Calvin & Son have forwarded to Toronto their new steam pump, to be used in raising the schooner Midland Rover. The pump went up by the express. A Grand Trunk engine ran into the city to take the car with it to the outer station.
Capt. Thomas Donnelly arrived here last evening with the str. Conqueror. He expresses thanks to Mayor Gravely, of Cobourg, who stood upon the wharf with a lantern and piloted the steamer into port on Tuesday night. His Worship was the first man to raise the alarm when the Conqueror was in danger. The Harbor Company at Cobourg should dispense with the services of the lighthouse keeper.
The tug Gardiner, with the barges Cherokee and Onondaga, coal laden for Brockville, had a rough passage across the lake from Oswego lately. Several times a wall of water three feet thick dashed clean over the barges, smashing in the cabin of the Cherokee and washing overboard about 40 tons of Lehigh coal from the deck of the Onondaga. The tug reached Clayton in safety and tied up.
The tug McArthur went to the assistance of the schr. Eliza Quinlan yesterday. The vessel was found on the shoal at Poplar Point, and pounding severely. The sea dashed over her, and yet she was not much damaged. The tug returned to the city last night, and as soon as the weather moderates will go back to the vessel with a steam pump, with which to empty her of water and enable her to be pulled off the shoals. The wind today blew unfavorably for the vessel's safety.
AN UNEQUAL ADVANTAGE.
The Removal of Tonnage Dues On American Vessels
Retained On Canadian Craft.
A Committee, having investigated the cause of a decline in American shipping, has reported a Bill to Congress and moved for its adoption. One section of the Bill, as constructed by the Committee, will probably cause some concern to Canadian vessel owners whose vessels are engaged in lake traffic, and that is the section providing for the abrogation of tonnage tax on vessels engaged in trade with Canada. An American publication, at Buffalo, remarks that the Bill provides for the collection of this tax from Canadian vessels engaged in trading between American and Canadian ports, but abolishes it when the vessel is the property of an American citizen living in the United States. To the ordinary vessel trading through the Welland Canal this will mean a bonus equal to about 100 dollars per season. The hospital tolls are reduced by one half, and altogether, so far as the lake trade is concerned, with free tolls on the Erie to benefit vessels trading to Buffalo, and fairly good bonus on vessels trading to Kingston, it would seem as if the American lake marine would completely annihilate their young but pushing brethren across the border.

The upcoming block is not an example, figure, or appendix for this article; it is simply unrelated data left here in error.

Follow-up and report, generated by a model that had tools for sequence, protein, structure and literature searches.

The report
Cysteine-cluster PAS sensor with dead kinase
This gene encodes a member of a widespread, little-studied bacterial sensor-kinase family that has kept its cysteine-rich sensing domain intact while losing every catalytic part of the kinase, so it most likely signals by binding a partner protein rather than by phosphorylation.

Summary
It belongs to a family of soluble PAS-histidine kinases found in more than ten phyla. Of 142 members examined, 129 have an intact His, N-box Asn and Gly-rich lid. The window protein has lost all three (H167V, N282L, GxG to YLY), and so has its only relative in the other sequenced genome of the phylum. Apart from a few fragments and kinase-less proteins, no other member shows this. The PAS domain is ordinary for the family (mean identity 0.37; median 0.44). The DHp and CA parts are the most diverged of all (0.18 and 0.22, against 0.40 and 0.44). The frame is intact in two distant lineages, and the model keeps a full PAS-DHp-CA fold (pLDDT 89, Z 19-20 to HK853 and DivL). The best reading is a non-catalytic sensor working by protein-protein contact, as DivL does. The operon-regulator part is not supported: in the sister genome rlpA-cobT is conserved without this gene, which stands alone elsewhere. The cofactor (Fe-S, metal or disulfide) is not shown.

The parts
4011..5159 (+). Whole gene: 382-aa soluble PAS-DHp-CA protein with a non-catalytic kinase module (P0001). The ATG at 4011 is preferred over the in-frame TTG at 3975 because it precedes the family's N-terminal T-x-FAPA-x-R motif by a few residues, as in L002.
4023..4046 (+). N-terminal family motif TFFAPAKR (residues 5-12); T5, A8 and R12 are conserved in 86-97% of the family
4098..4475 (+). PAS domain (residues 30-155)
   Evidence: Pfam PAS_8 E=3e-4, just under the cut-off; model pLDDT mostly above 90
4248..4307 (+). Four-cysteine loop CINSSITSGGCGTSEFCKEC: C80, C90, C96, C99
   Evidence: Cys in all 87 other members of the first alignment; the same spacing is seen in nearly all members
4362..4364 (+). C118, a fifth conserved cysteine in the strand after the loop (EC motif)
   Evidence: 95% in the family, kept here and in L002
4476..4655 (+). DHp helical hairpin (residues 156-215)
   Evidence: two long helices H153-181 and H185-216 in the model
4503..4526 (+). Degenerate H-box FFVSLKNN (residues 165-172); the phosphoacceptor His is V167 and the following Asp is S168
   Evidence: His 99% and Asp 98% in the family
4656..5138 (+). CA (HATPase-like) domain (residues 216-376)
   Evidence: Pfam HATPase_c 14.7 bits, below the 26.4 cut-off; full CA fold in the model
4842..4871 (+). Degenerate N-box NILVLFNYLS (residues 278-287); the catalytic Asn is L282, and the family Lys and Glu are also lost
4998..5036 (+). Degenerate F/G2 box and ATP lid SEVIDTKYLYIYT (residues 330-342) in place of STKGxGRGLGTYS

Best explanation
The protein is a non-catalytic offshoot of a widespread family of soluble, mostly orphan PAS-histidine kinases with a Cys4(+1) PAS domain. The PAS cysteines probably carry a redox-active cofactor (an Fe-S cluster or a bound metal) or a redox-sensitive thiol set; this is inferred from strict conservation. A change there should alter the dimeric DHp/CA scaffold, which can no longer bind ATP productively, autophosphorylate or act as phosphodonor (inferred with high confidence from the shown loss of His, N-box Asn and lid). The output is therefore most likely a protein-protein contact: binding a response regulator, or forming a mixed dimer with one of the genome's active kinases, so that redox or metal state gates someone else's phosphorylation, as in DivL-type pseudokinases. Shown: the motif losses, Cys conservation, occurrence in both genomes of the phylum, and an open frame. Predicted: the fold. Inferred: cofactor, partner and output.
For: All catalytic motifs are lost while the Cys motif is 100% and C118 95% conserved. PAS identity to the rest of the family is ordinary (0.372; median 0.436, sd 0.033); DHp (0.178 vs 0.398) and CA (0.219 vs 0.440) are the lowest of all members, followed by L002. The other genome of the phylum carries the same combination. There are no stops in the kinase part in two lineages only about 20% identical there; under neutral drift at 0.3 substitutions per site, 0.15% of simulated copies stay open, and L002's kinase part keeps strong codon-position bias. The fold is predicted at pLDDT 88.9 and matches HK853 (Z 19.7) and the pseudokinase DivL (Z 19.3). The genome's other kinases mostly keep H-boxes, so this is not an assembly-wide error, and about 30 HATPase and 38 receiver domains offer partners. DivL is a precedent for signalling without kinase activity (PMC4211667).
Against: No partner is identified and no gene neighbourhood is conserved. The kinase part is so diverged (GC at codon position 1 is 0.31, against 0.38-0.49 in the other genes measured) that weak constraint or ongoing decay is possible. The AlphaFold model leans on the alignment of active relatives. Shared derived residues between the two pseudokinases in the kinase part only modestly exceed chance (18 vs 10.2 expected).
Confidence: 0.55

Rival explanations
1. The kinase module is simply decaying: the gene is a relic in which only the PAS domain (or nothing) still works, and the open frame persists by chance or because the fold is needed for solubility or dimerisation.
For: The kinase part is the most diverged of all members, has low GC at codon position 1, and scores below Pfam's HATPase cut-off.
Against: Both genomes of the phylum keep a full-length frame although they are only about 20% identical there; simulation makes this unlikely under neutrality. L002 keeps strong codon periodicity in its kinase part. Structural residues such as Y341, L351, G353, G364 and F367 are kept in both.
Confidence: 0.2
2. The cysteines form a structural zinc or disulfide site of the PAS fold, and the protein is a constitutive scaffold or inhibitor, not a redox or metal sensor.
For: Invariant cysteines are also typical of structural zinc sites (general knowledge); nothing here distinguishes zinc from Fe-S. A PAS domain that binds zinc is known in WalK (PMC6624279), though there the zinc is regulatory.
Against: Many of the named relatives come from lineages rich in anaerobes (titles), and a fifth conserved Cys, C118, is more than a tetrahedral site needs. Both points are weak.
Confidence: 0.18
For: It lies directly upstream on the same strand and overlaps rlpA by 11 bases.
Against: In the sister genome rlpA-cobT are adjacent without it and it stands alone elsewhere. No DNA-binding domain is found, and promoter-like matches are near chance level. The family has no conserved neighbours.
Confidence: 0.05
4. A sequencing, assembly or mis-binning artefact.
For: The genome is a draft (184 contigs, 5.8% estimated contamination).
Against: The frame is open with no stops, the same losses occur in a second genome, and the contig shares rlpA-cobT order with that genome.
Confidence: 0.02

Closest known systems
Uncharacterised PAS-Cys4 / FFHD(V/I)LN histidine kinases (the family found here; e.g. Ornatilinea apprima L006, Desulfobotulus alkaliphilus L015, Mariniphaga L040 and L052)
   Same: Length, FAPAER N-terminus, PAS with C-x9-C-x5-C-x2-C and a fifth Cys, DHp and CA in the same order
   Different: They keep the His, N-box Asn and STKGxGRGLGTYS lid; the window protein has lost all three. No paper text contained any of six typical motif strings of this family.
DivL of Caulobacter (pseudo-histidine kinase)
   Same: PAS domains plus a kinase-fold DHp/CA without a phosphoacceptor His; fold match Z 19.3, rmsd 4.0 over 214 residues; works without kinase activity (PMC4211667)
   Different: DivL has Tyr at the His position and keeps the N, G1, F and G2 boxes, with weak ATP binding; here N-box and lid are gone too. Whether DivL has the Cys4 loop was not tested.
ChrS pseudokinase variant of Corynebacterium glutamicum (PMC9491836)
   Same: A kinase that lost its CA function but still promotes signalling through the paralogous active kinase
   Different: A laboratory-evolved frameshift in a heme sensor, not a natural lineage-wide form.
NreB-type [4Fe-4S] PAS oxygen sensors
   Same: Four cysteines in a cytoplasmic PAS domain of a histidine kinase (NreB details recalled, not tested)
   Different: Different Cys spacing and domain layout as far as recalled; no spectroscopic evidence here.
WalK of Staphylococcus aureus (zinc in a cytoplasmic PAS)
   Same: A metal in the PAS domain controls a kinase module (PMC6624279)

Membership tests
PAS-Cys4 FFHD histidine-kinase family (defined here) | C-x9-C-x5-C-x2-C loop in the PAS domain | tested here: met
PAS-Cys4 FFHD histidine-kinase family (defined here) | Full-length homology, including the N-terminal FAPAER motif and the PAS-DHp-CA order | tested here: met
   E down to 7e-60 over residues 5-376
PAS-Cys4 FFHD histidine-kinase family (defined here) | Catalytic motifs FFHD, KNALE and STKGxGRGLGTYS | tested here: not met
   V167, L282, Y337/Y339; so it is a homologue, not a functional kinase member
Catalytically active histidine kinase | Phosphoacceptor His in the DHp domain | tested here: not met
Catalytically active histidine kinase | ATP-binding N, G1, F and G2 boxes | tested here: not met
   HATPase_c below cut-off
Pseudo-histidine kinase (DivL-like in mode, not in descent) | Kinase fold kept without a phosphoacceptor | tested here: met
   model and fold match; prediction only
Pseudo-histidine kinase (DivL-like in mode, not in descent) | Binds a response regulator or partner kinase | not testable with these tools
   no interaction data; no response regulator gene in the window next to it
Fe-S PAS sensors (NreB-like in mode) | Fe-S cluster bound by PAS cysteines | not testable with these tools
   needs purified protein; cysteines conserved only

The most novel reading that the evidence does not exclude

Accepting the statement (which, however, Kingstonians do not believe,) we declare that it will be manifestly unfair for the American Government to do such a thing, it must only result in an act of retaliation by the Canadian Government. At present vessels trading between the two countries have to pay to the United States Government a tax of 30 cents (80 cents ?) per ton. To remove this would be unfair, as according to treaty, the Americans have the use of our canals, with all the improvements, on the same terms as the Canadians. In that direction we could make no retaliation. Since the war Canadian vessels have been paying the tonnage tax and helping by it to wipe out the war debt. So long as American vessels were equally taxed Canadians did not grumble, but they must protest against the proposed discrimination.
Here & There - The yachtsmen threaten to dispose of their crafts and allow aquatic sports to die out. For the first time in the history of this or any other city the yachts have been assessed at almost full value.
p.4 Times On The Lakes - Early History of the Staunch Old Str. Magnet.